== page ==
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Food Matters

The WI calls on all supermarkets to sign up to a voluntary agreement to avoid food waste, thereby passing surplus food onto charities thus helping to address the issue of increasing food poverty in the UK

Proposed by Snailbeach WI, Shropshire Federation

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83% of delegates voted in support of the NFWIs 2016 resolution to ‘avoid food waste, address food poverty.’ The resolution calls on supermarkets to sign up to a voluntary agreement to avoid food waste, as well as to pass surplus food on to charities to help address the issue of food poverty in the UK.

As a nation the UK wastes more food than anywhere else in Europe, costing the average household £470 per year. Farm land roughly the size of Wales is being used to produce all the food that then goes on to be wasted in our homes, generating the equivalent carbon emissions to one in four cars on our roads. And globally, if we managed to redistribute just a quarter of the food currently wasted, there would be enough food to feed the 870 million people living in hunger. Yet, despite encompassing social, economic and environmental issues, decisive action to tackle food waste has been slow.

Only a small percentage of food waste happens at supermarket level, however successive reports have found that supermarket practices are having an impact on the amount of food that is wasted up and down the supply chain. As a first step in the campaign, the NFWI wants retailers do more to help reduce food waste both in the home and at producer level.

FOOD MATTERS:

Avoid food waste. Address food poverty

“The WI calls on all supermarkets to sign up to a voluntary agreement to avoid food waste, thereby passing surplus food onto charities thus helping to address the issue of increasing food poverty in the UK”

Snailbeach WI, Shropshire Federation, 2016 Annual Meeting Resolution.

Why are we campaigning?

The Food Matters campaign was launched following discussion at the 2016 Annual Meeting where the WI passed a resolution to ‘avoid food waste, address food poverty.’ 83% of delegates supported the resolution which calls on supermarkets to sign up to a voluntary agreement to avoid food waste, as well as to pass surplus food on to charities to help address food poverty.

What is the issue?

Food waste is all around us; globally it is estimated that 222 million tonnes of food is wasted every year. This is happening at a time when an estimated 8.4 million people in the UK do not have enough to eat, with 4.7 million unable to afford a basic meal a day. It follows an economic recession during which time food prices have increased by 8%, and food bank use has increased 40 fold. Meanwhile, ‘multi-buy’ deals on perishables and confusing date labelling have been blamed for increased food waste in the home. Grading standards and ‘appearance guidelines’ set by retailers mean farmers often have to plough good food back into their fields or use it as animal feed.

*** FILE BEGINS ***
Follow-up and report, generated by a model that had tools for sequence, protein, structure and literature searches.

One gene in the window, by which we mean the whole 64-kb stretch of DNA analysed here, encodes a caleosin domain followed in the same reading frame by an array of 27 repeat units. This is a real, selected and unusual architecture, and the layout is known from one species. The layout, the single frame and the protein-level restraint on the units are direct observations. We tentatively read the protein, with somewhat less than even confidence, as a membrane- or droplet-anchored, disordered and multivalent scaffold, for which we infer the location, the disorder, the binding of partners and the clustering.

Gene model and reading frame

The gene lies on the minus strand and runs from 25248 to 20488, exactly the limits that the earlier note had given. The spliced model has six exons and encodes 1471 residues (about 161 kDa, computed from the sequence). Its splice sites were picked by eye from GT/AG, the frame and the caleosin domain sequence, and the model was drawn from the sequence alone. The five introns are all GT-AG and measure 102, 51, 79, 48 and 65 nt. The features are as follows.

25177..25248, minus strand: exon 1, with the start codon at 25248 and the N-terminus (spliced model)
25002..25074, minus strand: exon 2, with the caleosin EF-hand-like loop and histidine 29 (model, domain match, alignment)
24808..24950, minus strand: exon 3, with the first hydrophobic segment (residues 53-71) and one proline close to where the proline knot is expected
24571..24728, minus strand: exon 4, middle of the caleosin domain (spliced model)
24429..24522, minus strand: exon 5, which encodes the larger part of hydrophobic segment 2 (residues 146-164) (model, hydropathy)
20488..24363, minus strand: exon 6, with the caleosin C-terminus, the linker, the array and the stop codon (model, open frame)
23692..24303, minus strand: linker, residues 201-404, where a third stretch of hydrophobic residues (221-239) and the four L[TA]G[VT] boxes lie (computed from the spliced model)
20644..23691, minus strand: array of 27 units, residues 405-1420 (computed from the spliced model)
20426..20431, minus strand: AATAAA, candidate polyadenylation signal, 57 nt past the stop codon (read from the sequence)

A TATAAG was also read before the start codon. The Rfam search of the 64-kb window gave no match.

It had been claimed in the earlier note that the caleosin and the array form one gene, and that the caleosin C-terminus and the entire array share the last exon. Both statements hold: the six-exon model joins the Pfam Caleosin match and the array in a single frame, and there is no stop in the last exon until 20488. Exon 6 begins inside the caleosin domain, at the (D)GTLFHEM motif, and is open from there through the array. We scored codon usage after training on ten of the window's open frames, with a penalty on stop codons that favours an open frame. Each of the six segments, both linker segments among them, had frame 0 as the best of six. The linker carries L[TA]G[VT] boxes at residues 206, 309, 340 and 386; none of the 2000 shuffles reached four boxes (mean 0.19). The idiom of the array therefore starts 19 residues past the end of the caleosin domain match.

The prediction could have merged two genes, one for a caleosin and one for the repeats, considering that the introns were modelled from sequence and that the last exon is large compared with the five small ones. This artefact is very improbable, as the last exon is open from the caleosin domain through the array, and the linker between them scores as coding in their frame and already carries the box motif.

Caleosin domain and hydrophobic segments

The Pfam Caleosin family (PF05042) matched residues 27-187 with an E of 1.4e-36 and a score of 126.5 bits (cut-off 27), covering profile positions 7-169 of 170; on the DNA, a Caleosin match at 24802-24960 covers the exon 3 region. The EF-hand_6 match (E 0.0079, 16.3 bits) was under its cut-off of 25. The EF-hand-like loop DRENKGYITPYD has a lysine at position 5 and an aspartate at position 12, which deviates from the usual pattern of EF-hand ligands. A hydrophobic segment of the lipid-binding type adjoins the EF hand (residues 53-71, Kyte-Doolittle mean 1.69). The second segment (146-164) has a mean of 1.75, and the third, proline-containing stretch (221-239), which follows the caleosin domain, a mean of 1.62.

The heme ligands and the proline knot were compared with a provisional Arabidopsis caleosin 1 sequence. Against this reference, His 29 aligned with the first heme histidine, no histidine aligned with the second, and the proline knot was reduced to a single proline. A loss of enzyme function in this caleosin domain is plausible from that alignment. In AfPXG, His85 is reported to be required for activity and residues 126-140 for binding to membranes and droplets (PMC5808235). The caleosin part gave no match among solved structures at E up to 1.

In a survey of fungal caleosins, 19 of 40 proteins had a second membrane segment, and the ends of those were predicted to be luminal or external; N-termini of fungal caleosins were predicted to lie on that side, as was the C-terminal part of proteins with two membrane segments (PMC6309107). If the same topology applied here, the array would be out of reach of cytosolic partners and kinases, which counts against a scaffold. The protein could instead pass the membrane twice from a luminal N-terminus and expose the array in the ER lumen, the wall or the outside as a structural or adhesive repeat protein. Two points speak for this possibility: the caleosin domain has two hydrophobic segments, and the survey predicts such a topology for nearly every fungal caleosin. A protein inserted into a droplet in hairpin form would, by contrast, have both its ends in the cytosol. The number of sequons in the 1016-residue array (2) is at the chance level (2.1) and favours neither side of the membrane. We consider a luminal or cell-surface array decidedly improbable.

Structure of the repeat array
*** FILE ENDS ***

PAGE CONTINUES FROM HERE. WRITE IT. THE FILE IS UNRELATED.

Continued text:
The NFWI campaign so far.

The first stage of the Food Matters campaign focuses on the issue of food waste, and the role supermarkets can play in reducing food waste at all levels of the supply chain. The second stage of the campaign will focus on the issue of food poverty.

At store level, supermarkets are only responsible for a fraction of the food wasted in the UK, yet their marketing and selling techniques have been identified by the media, food charities and Parliamentary committees as causing food waste up and down the food supply chain.

With their links to suppliers, consumers, and farmers in the UK and around the world, supermarkets are in a powerful position to lead the fight against food waste.

The NFWI wanted to test whether or not WI members, as a powerful lobby of customers and consumers, felt supermarket practices were contributing to food waste in the home – and what retailers could do to help alleviate this.

Over 5000 WI members responded to two surveys conducted by the NFWI in autumn 2016.The first survey asked for individual member views on issues such as date labelling and multi-packs. The second survey saw members visit their local supermarket to investigate practices on the supermarket shelves. A report and campaign action pack will be published at the end of March and will include details of the findings, the NFWI’s key campaign asks, and ideas for how WI members can get involved.  

Get involved!
  • Request a copy of our campaign action pack: The NFWI has developed a campaign action pack which lays out the findings of our survey and has ideas of how you can get involved with our campaign. Request a copy of the pack using the contact details below.
  • Save the date for our food waste weekend of action: The 19th-21st May is the WI’s food waste weekend of action to draw attention to our key campaign asks. Further details will be in the campaign action pack, or get in touch using the details below.

Get in touch!